He wasn’t one of the game’s three stars, but Ryan O’Byrne shoud have been.
As I was leaving the Bell Centre last night with Patrick V. Hickey, my friend and colleague raved about the monster game O’Byre had played.
At first I chalked Hickey’s enthusiasm up to Celtic solidarity. Then I checked O’Byrne’s game stats:
19 minutes, 35 seconds of ice time – a season high, and third among Canadiens blueliners behind Andrei Markov and Roman Hamrlik. Most significantly, O’Byrne played 4:10 on the PK.
Six hits, second to Steve Bégin’s eight
Five blocked shots – no one had more.
The latter shouldn’t have surprised me. Since returning to the lineup after his hand injury, O’Byrne has had only one minus game, a week ago in Buffalo when he was minus-1.
With two Top Six defencemen, Mike Komisarek and Francis Bouillon, out of the lineup, Canadiens have not missed a beat. Josh Gorges and O’Byrne have stepped up huge. Mark Streit is back playing the position he favours. The frequently-maligned Patrice Brisebois has been quietly steady.
This team is loaded at a position where it is very good to have depth.
And the guy playing behind the D isn’t too shabby either.
Carey Price won his 23rd game in his 40th start last night. In 1985-’86, rookie Patrick Roy won 23 games but it took him 47 games to do it.
Price’s goals-against average and save percentage are 2.60 and .919. Roy’s were 3.35 and .875.
Now let’s not get too excited. I want to see Price in the playoffs before we start talking about Saint Carey.
But the kid is good and getting better. Price was an improved goaltender when he got back from Hamilton and he’s elevated his game since Cristobal Huet was traded.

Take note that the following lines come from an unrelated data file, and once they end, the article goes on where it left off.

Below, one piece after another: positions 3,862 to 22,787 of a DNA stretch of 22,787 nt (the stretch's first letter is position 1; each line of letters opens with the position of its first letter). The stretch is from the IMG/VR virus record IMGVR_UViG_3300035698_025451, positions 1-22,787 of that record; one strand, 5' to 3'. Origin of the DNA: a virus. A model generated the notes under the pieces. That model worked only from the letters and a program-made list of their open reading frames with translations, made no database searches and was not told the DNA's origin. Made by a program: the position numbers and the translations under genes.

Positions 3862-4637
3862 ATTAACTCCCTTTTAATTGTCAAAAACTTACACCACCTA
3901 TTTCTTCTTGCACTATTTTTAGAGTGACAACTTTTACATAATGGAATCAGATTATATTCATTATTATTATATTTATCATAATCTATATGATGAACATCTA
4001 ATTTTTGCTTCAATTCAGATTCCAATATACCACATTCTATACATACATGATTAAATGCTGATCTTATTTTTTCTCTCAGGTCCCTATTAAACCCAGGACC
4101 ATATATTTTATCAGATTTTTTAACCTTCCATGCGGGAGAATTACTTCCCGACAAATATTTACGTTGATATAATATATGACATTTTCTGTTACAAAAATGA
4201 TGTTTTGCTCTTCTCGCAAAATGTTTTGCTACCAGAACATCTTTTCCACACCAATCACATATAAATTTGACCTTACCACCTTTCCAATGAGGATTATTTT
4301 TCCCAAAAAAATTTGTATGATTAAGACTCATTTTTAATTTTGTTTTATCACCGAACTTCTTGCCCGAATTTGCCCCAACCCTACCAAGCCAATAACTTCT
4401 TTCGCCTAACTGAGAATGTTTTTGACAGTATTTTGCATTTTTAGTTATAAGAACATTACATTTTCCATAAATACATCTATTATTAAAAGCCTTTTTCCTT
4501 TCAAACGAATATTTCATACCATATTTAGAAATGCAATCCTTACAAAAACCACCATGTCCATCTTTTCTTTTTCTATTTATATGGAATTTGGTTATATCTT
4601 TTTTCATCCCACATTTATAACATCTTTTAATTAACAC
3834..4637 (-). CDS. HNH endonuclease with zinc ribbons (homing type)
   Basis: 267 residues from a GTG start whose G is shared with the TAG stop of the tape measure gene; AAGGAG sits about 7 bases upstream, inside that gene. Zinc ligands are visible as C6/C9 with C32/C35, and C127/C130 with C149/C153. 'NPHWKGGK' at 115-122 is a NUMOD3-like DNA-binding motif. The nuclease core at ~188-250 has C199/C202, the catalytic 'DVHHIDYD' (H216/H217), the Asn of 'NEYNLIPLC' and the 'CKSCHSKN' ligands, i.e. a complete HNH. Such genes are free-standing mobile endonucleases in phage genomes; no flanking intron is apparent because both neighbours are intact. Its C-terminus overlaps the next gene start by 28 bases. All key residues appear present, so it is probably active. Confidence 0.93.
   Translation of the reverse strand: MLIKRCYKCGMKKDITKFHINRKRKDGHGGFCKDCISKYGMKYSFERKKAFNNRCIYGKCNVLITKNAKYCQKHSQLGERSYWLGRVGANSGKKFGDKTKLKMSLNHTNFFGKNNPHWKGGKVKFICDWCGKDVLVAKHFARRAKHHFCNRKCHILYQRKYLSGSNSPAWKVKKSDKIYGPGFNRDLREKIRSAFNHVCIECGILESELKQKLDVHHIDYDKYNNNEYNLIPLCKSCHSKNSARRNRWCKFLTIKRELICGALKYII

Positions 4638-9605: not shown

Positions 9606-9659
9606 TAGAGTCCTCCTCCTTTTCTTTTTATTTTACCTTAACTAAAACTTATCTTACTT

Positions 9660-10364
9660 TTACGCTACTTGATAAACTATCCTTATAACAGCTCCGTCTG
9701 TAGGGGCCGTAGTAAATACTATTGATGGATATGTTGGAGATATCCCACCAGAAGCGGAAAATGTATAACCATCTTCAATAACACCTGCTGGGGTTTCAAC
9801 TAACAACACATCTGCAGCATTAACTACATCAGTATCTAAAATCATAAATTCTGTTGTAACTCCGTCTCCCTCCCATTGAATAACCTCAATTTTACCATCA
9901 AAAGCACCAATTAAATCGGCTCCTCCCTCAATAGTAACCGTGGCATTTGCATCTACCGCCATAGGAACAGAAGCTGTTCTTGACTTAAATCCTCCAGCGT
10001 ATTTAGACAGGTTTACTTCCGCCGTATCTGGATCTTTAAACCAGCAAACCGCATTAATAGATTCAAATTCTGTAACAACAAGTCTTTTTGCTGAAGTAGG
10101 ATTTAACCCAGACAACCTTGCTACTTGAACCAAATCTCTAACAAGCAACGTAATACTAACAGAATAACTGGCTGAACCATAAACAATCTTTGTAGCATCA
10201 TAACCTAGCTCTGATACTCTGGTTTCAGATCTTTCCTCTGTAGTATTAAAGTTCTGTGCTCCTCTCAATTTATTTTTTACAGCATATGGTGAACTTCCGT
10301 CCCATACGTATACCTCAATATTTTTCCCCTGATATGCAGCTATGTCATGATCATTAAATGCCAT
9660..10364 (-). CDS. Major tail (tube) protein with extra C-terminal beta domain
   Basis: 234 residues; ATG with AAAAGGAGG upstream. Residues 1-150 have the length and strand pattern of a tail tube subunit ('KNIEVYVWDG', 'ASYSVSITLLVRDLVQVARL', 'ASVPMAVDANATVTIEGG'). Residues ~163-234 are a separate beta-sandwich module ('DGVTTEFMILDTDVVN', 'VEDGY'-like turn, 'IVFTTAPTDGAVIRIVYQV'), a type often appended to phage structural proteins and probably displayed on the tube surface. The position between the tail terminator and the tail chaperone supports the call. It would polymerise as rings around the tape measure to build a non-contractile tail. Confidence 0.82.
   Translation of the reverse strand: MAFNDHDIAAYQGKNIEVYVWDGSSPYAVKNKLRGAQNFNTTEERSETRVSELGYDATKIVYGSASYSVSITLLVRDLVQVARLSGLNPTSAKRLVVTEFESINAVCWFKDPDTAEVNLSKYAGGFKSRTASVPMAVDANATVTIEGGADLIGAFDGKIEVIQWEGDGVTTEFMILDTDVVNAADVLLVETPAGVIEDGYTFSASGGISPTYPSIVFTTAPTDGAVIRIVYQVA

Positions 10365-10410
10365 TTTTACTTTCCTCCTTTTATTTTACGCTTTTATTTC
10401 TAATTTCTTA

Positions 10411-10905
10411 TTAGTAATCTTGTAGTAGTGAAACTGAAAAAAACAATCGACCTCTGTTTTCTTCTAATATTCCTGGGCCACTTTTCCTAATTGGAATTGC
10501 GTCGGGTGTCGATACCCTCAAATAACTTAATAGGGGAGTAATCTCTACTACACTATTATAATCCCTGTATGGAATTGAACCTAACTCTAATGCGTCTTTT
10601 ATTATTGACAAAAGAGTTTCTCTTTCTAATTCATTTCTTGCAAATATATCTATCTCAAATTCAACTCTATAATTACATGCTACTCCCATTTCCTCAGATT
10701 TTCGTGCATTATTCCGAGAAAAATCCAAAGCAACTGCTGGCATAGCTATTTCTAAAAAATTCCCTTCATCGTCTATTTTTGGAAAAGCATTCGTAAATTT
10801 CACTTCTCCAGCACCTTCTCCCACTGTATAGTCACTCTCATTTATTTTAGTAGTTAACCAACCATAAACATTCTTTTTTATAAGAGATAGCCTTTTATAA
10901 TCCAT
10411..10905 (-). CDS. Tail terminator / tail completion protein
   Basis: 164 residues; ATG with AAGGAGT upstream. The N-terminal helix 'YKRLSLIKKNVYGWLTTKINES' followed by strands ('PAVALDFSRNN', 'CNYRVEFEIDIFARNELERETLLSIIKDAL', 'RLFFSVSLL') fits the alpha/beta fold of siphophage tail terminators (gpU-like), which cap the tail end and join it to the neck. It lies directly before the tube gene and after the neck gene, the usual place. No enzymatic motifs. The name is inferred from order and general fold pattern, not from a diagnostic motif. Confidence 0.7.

As the playoffs approach, the Canadiens are getting great goaltending and solid D. Those are the essential building blocks for a deep run.
Another strength is special teams. Christopher Higgins scored a power play goal last night, off a Mark Streit bullet from the right point, and the PK had killed off 24 consecutive shorthanded situations before Ales Kotalik finally smoked one that Price never saw.
That was a 4-on-3 power play. Canadiens killed all four 5-on-4s.
Bryan Smolinski, Tom Kostopoulos, Christopher Higgins, Steve Bégin and Maxim Lapierre have become PK monsters, aggressively pressuring the puck and giving opposing PPs little time to make decisions or set up. The improvement of the PK – which was among the league’s worst early in the season – is a tribute to the coaching staff.
Buffalo needed that game more than Canadiens did. The 2006-’07 President’s Trophy winners were facing elimination from the playoffs.
But Canadiens – playing without Saku Koivu, Mike Komisarek, Francis Bouillon and Michael Ryder – were the hungrier, tougher and more aggressive team.
Tuesday night in Ottawa, Guy Carbonneau had his guys focused and prepared to play a postseason-level game. They played another one last night at the Bell Centre.
The team looks like it will be ready when the REAL hockey season begins next week.